SANDERS: What about Donald Trump? Donald Trump currently sits in the White House, the highest office in the land and he has been accused credibly by 12 women. We are not talking -- so it's one thing for Donald Trump and other Republicans to talk about Roy Moore, but we have to hold the president of the United States accountable. If we're going to talk about Bill Clinton, we also have reason --
SANDERS: -- room. And we have to talk about Donald Trump.
BALDWIN: OK. On that, happy Thanksgiving.
FERGUSON: Happy Thanksgiving.
BALDWIN: Thank you both so much --
SANDERS: Happy Thanksgiving.
[14:35:12] BALDWIN: -- Symone and Ben. I appreciate both of you here.
Coming up now, he was the American held captive by North Korea and released in 2010 after former President Jimmy Carter intervened, but now this tragic and mysterious twist after he's found dead in San Diego fully engulfed in flames. What happened? Those details ahead.
(COMMERCIAL BREAK) [14:40:53] BALDWIN: The body of a man found engulfed in flames in California has now been identified as an American formerly imprisoned in North Korea. Aijalon Gomes had been teaching English in North Korea before -- from China. This is back in 2010. He spent months and months in prison until former President Jimmy Carter arranged for his release. And now an off-duty California highway patrol officer happened to be driving near San Diego's SeaWorld on Friday when he saw Gomes on fire in a field running before collapsing. He was then pronounced dead at the scene. Investigators suspect Gomes' death was either an accident or a suicide.
So David Sanger is with me now, CNN political and national security analyst, and also with "The New York Times."
And so, David, if, and this is, again --. If his death is ruled a suicide, he would be the second American to have killed himself after being released from North Korean detention. My question to you, you know, once the government, you know, retrieves these prisoners, while they're back in the states after they've been in North Korea, is it their duty to make sure they are OK?
DAVID SANGER, CNN POLITICAL & NATIONAL SECURITY ANALYST: Well, Brooke, you'd hope so.
First, happy Thanksgiving --
BALDWIN: Thank you. Same to you.
SANGER: -- to your viewers.
And in this particular case, we can't seem to tell right now whether or not the individual who was -- who was on fire here, Mr. Gomes, was on fire because of an accident, a suicide or whether there was some criminal act. So far there has been no suggestion of that yet. In 2010, we didn't know very much about him. Jimmy Carter didn't say very much about when he brought him out, and so we didn't learn very much about him other than a brief interview he gave a few years ago in which he said that he had been kept in captivity that was beyond freezing. And that he was made to make bricks most of the time. And he said that it caused him great anxiety. So clearly, he was dealing with a lot of emotional issues when he came back, as you would fully understand, and you would think that the United States government would help treat people with this the way we would deal with a returning prisoner of war or anybody else who had PTSD.
BALDWIN: You would think, you would hope. So it was president Carter then who helped secure his release and now president Carter said he would be willing to help the Trump administration, David, in the North Korea standoff. Do you think that that would be helpful?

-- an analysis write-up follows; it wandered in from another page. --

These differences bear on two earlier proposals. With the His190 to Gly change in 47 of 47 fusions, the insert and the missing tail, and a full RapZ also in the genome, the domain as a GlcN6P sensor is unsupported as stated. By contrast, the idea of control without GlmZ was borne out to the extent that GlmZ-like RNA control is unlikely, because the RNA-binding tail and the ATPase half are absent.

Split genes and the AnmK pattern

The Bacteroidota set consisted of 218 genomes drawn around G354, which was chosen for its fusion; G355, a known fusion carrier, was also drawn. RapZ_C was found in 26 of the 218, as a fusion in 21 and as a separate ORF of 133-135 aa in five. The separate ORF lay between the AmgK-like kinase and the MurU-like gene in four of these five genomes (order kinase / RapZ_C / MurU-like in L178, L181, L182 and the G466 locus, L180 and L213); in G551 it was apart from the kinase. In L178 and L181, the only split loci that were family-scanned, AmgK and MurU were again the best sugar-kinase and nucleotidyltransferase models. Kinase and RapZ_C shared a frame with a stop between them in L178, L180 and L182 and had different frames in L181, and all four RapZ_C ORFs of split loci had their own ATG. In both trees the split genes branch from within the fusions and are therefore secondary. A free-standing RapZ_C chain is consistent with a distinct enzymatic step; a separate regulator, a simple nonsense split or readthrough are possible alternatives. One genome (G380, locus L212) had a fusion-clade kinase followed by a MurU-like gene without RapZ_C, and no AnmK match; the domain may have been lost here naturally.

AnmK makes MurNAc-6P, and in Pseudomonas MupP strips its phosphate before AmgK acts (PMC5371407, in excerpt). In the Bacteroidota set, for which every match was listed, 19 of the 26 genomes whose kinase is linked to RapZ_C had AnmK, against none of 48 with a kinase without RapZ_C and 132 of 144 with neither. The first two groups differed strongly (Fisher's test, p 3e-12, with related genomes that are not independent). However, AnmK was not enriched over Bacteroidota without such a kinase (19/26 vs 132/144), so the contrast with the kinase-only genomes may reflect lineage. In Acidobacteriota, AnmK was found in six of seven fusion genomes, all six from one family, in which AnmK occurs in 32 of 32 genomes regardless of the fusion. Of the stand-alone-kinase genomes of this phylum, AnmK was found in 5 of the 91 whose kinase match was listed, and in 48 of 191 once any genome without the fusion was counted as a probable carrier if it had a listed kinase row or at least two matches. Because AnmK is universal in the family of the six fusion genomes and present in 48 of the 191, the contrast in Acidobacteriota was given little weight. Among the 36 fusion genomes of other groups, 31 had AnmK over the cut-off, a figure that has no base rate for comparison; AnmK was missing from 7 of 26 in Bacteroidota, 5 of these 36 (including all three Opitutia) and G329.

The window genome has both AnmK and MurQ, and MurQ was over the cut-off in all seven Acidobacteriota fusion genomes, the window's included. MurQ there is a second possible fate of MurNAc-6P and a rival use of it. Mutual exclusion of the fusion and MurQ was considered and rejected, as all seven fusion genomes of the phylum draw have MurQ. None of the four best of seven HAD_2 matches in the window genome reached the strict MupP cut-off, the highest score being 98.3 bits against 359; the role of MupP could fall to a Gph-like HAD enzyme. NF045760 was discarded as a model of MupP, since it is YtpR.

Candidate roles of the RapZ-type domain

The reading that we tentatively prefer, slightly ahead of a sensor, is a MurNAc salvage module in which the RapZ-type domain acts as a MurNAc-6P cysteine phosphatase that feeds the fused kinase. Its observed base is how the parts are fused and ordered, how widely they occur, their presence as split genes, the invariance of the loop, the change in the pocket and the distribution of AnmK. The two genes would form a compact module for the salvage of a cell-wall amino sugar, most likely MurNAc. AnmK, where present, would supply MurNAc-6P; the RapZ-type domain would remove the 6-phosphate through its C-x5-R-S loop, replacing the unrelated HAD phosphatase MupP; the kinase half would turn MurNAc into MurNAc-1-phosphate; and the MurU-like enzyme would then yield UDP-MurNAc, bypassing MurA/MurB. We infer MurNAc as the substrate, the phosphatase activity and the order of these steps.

SANGER: Well, I think at this point it's going to be a little bit difficult to get president Carter in the midst of this because the North Koreans don't seem to be eager to talk. Even after the visit of a Chinese envoy recently. Frequently, for prisoner exchanges, they've asked to senior people to come, and among them have been president Carter, President Clinton, the former governor of New Mexico, who would go in periodically, and that was Governor Richardson. And we saw Jim Clapper, the former head of the director of National Intelligence, go in and do a release. You would think if they wanted to get a serious negotiation going they would ask for one of those four or somebody of similar status. And so far, they have not. And I think that tells you they're really not ready to go negotiate until they've proven that they've got the nuclear capability they feel they need to have.
BALDWIN: Right. That's the telling piece.
David Sanger, enjoy your turkey. If we're lucky, we'll see you back here tomorrow. Thank you so much.
SANGER: Good to see you, Brooke.
BALDWIN: Thank you.
On Twitter and on camera, President Trump often touts a booming economy, but, next, why the head of the country's biggest bank says Donald Trump will not see a second term.
[14:48:22] BALDWIN: As President Trump is praising the economy this Thanksgiving, citing great job numbers and the, quote, "highest stock market ever," the CEO of the country's biggest bank is actually predicting the president will not see a second term. Jamie Dimon, head of JPMorgan-Chase said he expects to see a new president in 2020. He also advised Democrats to come up with a, quote, "pro-free enterprise agenda" for jobs and economic growth.
So with me now on this Thanksgiving, finance expert, Monica Mehta.
Monica, thank you. Happy Thanksgiving to you.
MONICA MEHTA, FINANCIAL EXPERT & JOURNALIST: Happy Thanksgiving, Brooke.
BALDWIN: All right. You heard the Jamie Dimon prediction. No Trump come 2020. How do you see it? Do you agree?
MEHTA: Well, Jamie Dimon's prediction came with a big caveat, which is Democrats need to run someone who is moderate and not too far to the left. People have been looking for change in these elections in the last 20 years. You can argue since Clinton every election cycle has been we're sick of this, we want something new. Now Trump is in the position where he is the status quo, he lives in the swamp that he's trying to drain. He's going to have to try to convince voters in 2020 that he deserves to be there and that a voting population that's been looking for change should stick it out with him.